0 Votes

    • 35x35
      May, 2012
      Bill
      The company was within its rights to file suit against you before the SOL expired. In fact, in most states a creditor can even sue you after the SOL has passed, though you can use the SOL as an affirmative defense. In your situation, the lawsuit being filed before the SOL expired negates you using the SOL to protect yourself.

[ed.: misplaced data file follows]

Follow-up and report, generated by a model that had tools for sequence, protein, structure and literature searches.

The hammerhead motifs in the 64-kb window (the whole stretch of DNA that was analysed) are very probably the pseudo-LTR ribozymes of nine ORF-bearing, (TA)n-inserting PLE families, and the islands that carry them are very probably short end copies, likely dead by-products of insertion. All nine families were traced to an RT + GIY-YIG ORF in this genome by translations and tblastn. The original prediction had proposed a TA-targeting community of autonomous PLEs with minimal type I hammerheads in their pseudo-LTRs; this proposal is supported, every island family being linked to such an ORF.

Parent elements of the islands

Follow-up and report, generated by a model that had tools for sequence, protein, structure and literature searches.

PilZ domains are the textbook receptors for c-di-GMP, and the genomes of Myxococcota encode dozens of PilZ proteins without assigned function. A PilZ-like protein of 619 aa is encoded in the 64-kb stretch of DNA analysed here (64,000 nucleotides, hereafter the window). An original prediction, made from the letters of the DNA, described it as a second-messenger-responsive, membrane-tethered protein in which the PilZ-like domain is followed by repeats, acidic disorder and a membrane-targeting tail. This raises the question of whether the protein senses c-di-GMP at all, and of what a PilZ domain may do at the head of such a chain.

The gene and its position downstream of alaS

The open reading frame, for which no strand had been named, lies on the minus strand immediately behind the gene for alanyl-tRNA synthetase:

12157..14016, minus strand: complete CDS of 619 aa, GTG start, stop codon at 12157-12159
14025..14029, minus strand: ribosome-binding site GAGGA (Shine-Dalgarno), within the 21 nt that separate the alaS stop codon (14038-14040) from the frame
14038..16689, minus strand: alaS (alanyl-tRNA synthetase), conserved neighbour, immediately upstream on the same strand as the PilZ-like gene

This matter could be a big problem for purchasing a home, depending on when the judgment shows up on your credit report and how the debt is now reported. As things currently stand, you may have to pay off the collections account to qualify for a mortgage loan, depending on the size of the debt and its age. If it goes to the point where a judgment appears, it is almost certain that lenders would require you to satisfy the debt before they would approve your application. You also want to avoid a judgment, if possible, to avoid the harm it will cause to your credit score.
      0 Votes

  • 35x35
    Jan, 2012
    Kimberley